It's likely that getting a majority of the population to accept their primary transport as self-driving will take a while. It is possible, but it comes down to two age-old human requirements: It needs to be affordable and accessible, but we also need the opportunity to take it for granted.
Now that grandma comes by too often and hangs out at the house far too much, now that getting to work on the public transit seems to have little to no issues, even when the operator falls asleep at their post, now that UPS driver complains that the FedEx drivers trucks park better on complicated streets, the general tone for the public is set. It's now second nature to trust the self-driving car. Messages, work and personal time, is far more important than the leisure and burden of driving the car. The consumer is now ready, and the self driving appliance replaces the old, driven one.
The acceptance era is purely built from a repetition of use, commonality of presence. We're used to them, and those feeling strange about them, are the minority. This is the era everyone now, dreams of, but it's a long road ahead.
Let's you and I, wander deeper into this projection. The human element has changed, and is quite important. The human's interaction, most importantly their average interaction has changed. There will still be people who enjoy driving, but it's to be expected, like the majority of the population now, the car's purpose is purely functional. Its purpose is to move the human experience from one location to another. For most people now, driving is merely a side effect, a chore of this desire to move around. Whether the majority of the population is controlling the vehicle or not, isn't very important.Kids now are growing up in Priuses and other hybrids, the kids of the future won't associate loud exhausts with fast cars. This is just what they've learned from experience. This concept continues infinitely. Children of the future will grow up in self driving cars, it's something of the norm. This is their average use of a vehicle and their human experience.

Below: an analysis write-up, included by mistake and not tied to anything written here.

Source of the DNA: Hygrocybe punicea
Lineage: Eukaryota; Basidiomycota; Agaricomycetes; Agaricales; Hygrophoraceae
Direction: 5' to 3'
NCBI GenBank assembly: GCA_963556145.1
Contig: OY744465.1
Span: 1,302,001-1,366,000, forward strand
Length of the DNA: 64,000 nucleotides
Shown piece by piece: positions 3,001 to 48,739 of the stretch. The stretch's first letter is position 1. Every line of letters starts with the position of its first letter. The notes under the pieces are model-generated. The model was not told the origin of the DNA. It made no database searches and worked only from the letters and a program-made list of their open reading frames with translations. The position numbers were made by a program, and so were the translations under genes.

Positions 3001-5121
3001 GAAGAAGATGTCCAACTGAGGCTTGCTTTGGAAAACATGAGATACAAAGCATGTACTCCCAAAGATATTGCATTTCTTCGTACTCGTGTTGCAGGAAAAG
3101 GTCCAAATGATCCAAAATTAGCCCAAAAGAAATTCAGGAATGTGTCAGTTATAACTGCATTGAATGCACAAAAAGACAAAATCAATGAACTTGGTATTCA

Personalization is predictable. Individualism is often culled but never squashed. People become complacent, bored with their everyday. It's only a matter of time where personalization is needed as a technology moves from being new and exciting, to regular and melancholy. It's at this moment that people grow impatient of the every day and begin to personalize. Niche markets are created. These are interesting, as niches have the power to influence the general public and curve the direction a trend moves.